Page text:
I guess that depends on what you describe as a landmark" decision, but this statement strikes me as absurd.

The decision itself lead the papers in probably every newspaper in the country when it was handed down. Congress has spent years trying to pass a constitutional amendment to essentially overturn it by creating an express exception to the First Amendment. It is one of maybe 100 constitutional decisions that all lawyers, and many non-lawyers, can identify by name. I would venture to guess that more people have heard of Johnson v. Texas or know if its holding, than have heard of McCullough, or can remember its holding. So, if you describe "landmark" as "high profile", which is one possible definition, it easily meets the test.

Moreover, the substance of the decision -- that no symbol in the U.S. is above criticism, not even the flag -- is certainly a powerful statement in First Amendment law. Indeed, by arguing that it was an aberration from past statements on the subject by your hero, Hugo "Korematsu" Black, and others, you acknowledge that it significantly changed the course of constitutional law on the subject, which is the other possible definition of the word "landmark."

What other definitions are there?
2.9.2006 4:47pm
Kovarsky (mail):
Omar,

As a matter of descriptive fact, you will not find many liberals taking issue with Brennan's 8th Amendment jurisprudence.

And you continue to betray an astonishing inability to understand the first amendment. In O'brien the point was not that the symbolic speech was not protected, it was that the functional attributes of draft card burning were the target of the regulation (the regulation didn't want people destroying copies of their draft card because it made a variety of tracking measures more difficult). That is of course a completely bogus characterization of the law's intent, but it's the one the court seized upon to uphold the law because it had to say precisely THE OPPOSITE OF WHAT YOU KEEP SAYING - the law has to target conduct, not symbolic expression.
2.9.2006 4:47pm
Noah Klein (mail):
Omar,

First, I have never said I want to ban a flag. In fact, I have said consistently that I think such protest is both immoral and stupid, but I think it be legislated against.

Second, whether we convince each other is separate issue. The question of convincing one or the other is wholly different than defeating or countering a person's arguments. I'm sure you been in a debate class and thus you would know this. I can hold onto to my beliefs and make a bad argument that is defeated in a debate. Thus I think I have defeated your arguments, but I think JGShapiro does a better job. You have failed to address the fact that the Texas statute did not prevent the burning of the flag, but it prohibited the "desecration" of the flag. Thus while it prohibited the conduct of "desecrating" the flag, that conduct has a specific message which the law was trying to prevent. The fact of the matter is that the "desecration" of the flag is symbolic speech. Symbolic speech that you and I might find disgusting (like Muslims find the depiction of Muhammed disgusting), but speech nonetheless and since it does not hurt or threaten someone when being made it cannot be legislated against.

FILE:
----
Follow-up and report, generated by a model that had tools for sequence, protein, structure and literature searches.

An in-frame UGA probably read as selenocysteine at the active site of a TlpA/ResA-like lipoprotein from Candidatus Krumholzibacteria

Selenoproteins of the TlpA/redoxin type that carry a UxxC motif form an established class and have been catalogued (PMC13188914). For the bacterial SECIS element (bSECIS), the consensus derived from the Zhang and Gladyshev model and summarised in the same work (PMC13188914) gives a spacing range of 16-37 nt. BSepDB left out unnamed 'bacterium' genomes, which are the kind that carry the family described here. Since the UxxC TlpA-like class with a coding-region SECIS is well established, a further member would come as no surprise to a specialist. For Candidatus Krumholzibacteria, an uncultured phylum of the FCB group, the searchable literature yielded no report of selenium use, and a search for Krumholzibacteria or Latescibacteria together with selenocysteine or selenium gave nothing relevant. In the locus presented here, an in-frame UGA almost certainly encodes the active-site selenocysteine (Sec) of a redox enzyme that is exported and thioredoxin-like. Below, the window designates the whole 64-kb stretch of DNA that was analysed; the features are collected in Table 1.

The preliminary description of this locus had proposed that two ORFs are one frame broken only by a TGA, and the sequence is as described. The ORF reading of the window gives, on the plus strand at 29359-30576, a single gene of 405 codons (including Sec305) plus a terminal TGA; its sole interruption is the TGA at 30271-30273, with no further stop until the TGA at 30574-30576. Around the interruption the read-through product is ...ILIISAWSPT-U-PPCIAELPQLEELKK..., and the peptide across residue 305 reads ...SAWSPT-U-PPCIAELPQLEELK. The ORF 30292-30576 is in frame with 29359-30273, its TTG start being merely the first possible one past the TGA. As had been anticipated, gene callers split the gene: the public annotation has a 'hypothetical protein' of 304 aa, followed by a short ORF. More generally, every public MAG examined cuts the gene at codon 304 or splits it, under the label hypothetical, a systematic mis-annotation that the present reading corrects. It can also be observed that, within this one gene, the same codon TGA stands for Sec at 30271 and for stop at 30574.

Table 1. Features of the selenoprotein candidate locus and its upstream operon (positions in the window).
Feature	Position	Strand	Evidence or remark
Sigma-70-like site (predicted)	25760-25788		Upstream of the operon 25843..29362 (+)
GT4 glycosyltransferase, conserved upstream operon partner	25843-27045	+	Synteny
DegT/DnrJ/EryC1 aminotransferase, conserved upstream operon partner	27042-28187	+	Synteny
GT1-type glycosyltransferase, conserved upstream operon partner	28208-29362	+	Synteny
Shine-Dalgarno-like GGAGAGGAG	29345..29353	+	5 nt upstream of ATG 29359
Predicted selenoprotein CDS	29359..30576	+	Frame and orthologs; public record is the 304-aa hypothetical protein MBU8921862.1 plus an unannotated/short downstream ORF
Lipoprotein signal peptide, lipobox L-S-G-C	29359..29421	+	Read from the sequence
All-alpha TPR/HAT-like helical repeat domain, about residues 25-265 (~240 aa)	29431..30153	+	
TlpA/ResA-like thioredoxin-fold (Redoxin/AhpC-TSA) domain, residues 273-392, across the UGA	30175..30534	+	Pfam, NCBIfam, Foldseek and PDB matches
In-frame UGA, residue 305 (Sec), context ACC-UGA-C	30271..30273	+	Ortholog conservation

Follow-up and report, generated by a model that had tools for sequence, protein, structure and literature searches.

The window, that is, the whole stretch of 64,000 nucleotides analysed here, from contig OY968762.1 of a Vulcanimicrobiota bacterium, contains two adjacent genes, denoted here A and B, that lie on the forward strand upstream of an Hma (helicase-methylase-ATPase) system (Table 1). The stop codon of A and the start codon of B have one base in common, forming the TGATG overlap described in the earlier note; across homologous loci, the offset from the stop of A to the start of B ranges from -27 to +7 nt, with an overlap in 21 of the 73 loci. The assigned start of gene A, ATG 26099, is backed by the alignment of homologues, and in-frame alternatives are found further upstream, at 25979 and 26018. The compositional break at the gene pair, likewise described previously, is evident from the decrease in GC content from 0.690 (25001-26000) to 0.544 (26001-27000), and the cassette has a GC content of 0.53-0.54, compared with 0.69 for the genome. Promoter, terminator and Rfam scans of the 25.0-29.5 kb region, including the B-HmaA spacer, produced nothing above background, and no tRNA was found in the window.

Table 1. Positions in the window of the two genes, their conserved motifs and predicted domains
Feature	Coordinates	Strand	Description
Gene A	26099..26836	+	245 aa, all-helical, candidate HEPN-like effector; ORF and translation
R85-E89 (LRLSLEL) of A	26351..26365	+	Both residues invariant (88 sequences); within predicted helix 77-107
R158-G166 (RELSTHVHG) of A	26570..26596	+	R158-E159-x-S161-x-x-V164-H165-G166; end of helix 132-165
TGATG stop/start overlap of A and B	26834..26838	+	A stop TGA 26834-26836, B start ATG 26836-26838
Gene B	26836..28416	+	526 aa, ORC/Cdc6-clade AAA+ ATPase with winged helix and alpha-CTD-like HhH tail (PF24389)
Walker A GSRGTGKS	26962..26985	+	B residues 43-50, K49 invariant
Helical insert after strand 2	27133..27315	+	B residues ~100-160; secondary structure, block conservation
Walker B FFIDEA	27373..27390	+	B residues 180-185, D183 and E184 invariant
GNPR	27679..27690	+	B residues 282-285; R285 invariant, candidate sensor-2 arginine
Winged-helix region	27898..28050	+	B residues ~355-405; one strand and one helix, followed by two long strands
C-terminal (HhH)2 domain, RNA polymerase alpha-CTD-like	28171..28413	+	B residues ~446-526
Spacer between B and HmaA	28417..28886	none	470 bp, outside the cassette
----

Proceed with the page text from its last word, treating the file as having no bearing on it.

Noah
2.9.2006 4:48pm
Edward A. Hoffman (mail):
Eugene,

Your premise that the people who oppose publishing the cartoons in the media have no problem with copying and distributing them presumes that the same people are taking both of these positions. It is quite possible that most of the people picketing the Inquirer are not the same ones who are passing the cartoons around privatelyand that they condemn the people who are doing so.

That said, I agree with you completely about selectively banning certain types of speech. I have always considered the idea of banning flag-burning un-American, since (among many other reasons) such a law would discriminate on the basis of viewpoint. I construe freedom of speech quite liberally, which I firmly believe is how the framers intended it to be construed.
2.9.2006 5:33pm
Public_Defender:
Omar,

Speaking of "morals" is not the same as (to use your words) "openly admit[ting] that the (sic) don't care about the Constitution and that they would invalidate the death penalty based on purely personal and moral views. . . ."

And Scalia does speak of "morals" in his decisions. See, for example, Lucas v. S.C. Coastal Council, 505 U.S. 1003, in which Scalia wrote that property rights could be restricted to protect "morals," but that he did not think protecting the environment fit that definition.

In your initial post, you said three Justices "openly admitted" that they didn't "care about the constitution," and that they made decision based "purely personal" views. Now you admit you can only show that they cited "morals" in a few opinions.

That's a HUGE backtrack on your part.
2.10.2006 7:30am